It happens all the time. Sooner or later, every organization may run out of qualified UNIX system administrator / staff because of various issues. As a single admin you may have to do lots of work because other people in accouting, sales, or programmers may not have all the skills required to run servers. Also, I don't trust new people or people with Windows background. I also don't have a time for UNIX admin training for new person.
In short, to avoid overloading yourself, I recommend sudo. It allows you to delegate authority to give certain users or groups of users the ability to run some commands as root or another user while providing an audit trail of the commands and their arguments via a log file. With sudo you don't have to share root password with anybody. Another option is Pluggable Authentication Modules (PAM) under UNIX / Linux. Command tasks such can be delegated via sudo program:
- Start / stop / restart common services and configurations, e.g. Jboss, Tomcat, Apache, Mysql etc
- Shutdown / reboot server
- Backup data to tape
- Run other individuate tasks and commands as per requirements and so on.
Once you started to trust their skills sets, grant them more privileges or may be promote them as full time UNIX sys admins.
In totally unrelated news : Bill Gates, retired as chairman. Checkout the hits and misses of his leadership of Microsoft.
This article explains howto setup and running with the Linux Virtual Server and Linux-HA.org's Heartbeat in 5 easy steps. You can construct a highly available Apache Web server cluster that spans multiple physical or virtual Linux servers with Linux Virtual Server (LVS) and Heartbeat v2:
Spreading a workload across multiple processors, coupled with various software recovery techniques, provides a highly available environment and enhances overall RAS (Reliability, Availability, and Serviceability) of the environment. Benefits include faster recovery from unplanned outages, as well as minimal effects of planned outages on the end user.
This article illustrates the robust Apache Web server stack with 6 Apache server nodes (though 3 nodes is sufficient for following the steps outlined here) as well as 3 Linux Virtual Server (LVS) directors. We used 6 Apache server nodes to drive higher workload throughputs during testing and thereby simulate larger deployments. The architecture presented here should scale to many more directors and backend Apache servers as your resources permit, but we haven't tried anything larger ourselves. Figure 1 shows our implementation using the Linux Virtual Server and the linux-ha.org components.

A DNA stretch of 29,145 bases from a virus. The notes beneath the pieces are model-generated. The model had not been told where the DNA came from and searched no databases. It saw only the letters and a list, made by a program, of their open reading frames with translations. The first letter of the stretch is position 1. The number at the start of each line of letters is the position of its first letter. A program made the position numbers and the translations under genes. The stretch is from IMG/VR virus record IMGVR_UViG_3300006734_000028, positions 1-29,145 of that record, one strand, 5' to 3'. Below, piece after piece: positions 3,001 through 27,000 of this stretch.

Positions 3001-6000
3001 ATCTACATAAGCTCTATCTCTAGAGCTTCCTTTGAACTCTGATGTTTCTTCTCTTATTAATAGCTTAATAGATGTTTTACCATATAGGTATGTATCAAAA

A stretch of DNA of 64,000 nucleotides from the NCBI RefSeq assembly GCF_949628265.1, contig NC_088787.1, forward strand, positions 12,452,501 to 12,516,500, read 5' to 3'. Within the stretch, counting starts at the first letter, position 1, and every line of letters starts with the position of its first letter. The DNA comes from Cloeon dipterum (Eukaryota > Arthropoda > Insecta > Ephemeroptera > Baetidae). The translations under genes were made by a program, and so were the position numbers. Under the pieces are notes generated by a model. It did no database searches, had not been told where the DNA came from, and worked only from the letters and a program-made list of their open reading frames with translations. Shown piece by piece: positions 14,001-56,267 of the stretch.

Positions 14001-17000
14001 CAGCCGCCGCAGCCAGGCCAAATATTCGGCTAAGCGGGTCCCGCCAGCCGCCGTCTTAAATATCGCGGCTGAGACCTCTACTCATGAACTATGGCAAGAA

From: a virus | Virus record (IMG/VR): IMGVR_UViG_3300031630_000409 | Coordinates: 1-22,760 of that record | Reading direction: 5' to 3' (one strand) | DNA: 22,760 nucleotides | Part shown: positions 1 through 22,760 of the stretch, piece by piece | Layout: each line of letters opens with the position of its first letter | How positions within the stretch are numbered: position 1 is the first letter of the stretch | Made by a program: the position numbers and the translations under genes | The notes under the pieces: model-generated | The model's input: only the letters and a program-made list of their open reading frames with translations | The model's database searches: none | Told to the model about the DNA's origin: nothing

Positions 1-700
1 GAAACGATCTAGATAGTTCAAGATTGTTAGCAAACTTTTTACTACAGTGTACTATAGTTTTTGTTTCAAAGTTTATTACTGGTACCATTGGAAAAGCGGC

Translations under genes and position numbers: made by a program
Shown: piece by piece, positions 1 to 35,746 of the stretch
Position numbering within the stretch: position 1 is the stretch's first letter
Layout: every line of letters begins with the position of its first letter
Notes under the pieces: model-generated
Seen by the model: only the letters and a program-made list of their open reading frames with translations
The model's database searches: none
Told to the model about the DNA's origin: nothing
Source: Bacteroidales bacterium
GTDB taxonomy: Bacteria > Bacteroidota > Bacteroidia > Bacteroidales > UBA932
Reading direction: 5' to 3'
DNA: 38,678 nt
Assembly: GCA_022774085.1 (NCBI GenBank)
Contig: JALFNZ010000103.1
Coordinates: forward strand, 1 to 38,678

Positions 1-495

However article failed to mention few things such as redundant networking, a cluster file system / shared storage and other stuff. Nevertheless tutorial is a good start for new Linux admin.
=> Set up a Web server cluster in 5 easy steps
This is a good analysis and sort of demonstration for all new Linux admin. It does shows how to do forensic kind of analysis on a cracked box. A good read for everyone ~ if you want to know how Linux server is cracked and turned into a zombie ;)
Most of the time GUI is not available on remote Linux system, you login over ssh and start to work, if you need to run two or three task at a time, you login over ssh two or three times. However, with screen windows manager utility you can run multiple terminals at the same time from single console login over ssh session (UNIX guru uses the term called multiplexing for this concept). Any seasoned Linux admin should be aware of this nifty tool :)
Install screen if it is not installed under Debian Linux
Type the following command:
# apt-get install screen
FreeBSD user can use ports to install screen
# cd /usr/ports/misc/screen
# make install clean
Login to remote server over ssh
$ ssh firstname.lastname@example.org
(C) Start screen session. You can name your window/session (1 is name of session):
$ screen -S 1
Let us start pine mail reader on first session or window.
(D) Next you would like to download something from ftp/http site while you are reading emails. You need to create another screen window by pressing special key combination. Press CTRL + a followed by c key (first hit CTRL+a, releases both keys and press c). As soon as you hit 'c' you will get new shell prompt at console. Now use wget to download belenix.iso.bz2 (Solaris live CD) from net:
$ wget http://www.genunix.org/distributions/belenix_site/binfiles/belenix.iso.bz2
(E) But how do I switch between these two tasks?
- Switching between windows is the specialty of screen utility. So to switch between pine and wget window (or session) press CTRL+a followed by n key (first hit CTRL+a, releases both keys and press n).
- To list all windows use the command CTRL+a followed by " key (first hit CTRL+a, releases both keys and press " ).
- To switch to window by number use the command CTRL+a followed by ' (first hit CTRL+a, releases both keys and press ' it will prompt for window number).
Common screen commands
|Ctrl+a c||Create new window|
|Ctrl+a k||Kill the current window / session|
|Ctrl+a w||List all windows|
|Ctrl+a 0-9||Go to a window numbered 0 9, use Ctrl+a w to see number|
|Ctrl+a Ctrl+a||Toggle / switch between the current and previous window|
|Ctrl+a S||Split terminal horizontally into regions and press Ctrl+a c to create new window there|
|Ctrl+a :resize||Resize region|
|Ctrl+a :fit||Fit screen size to new terminal size. You can also hit Ctrl+a F for the the same task|
|Ctrl+a :remove||Remove / delete region. You can also hit Ctrl+a X for the same taks|
|Ctrl+a tab||Move to next region|
| Ctrl+a D (Shift-d)||Power detach and logout|
|Ctrl+a d||Detach but keep shell window open|
|Ctrl-a Ctrl-\||Quit screen|
|Ctrl-a ?||Display help screen i.e. display a list of commands|
See screen command man page for further details: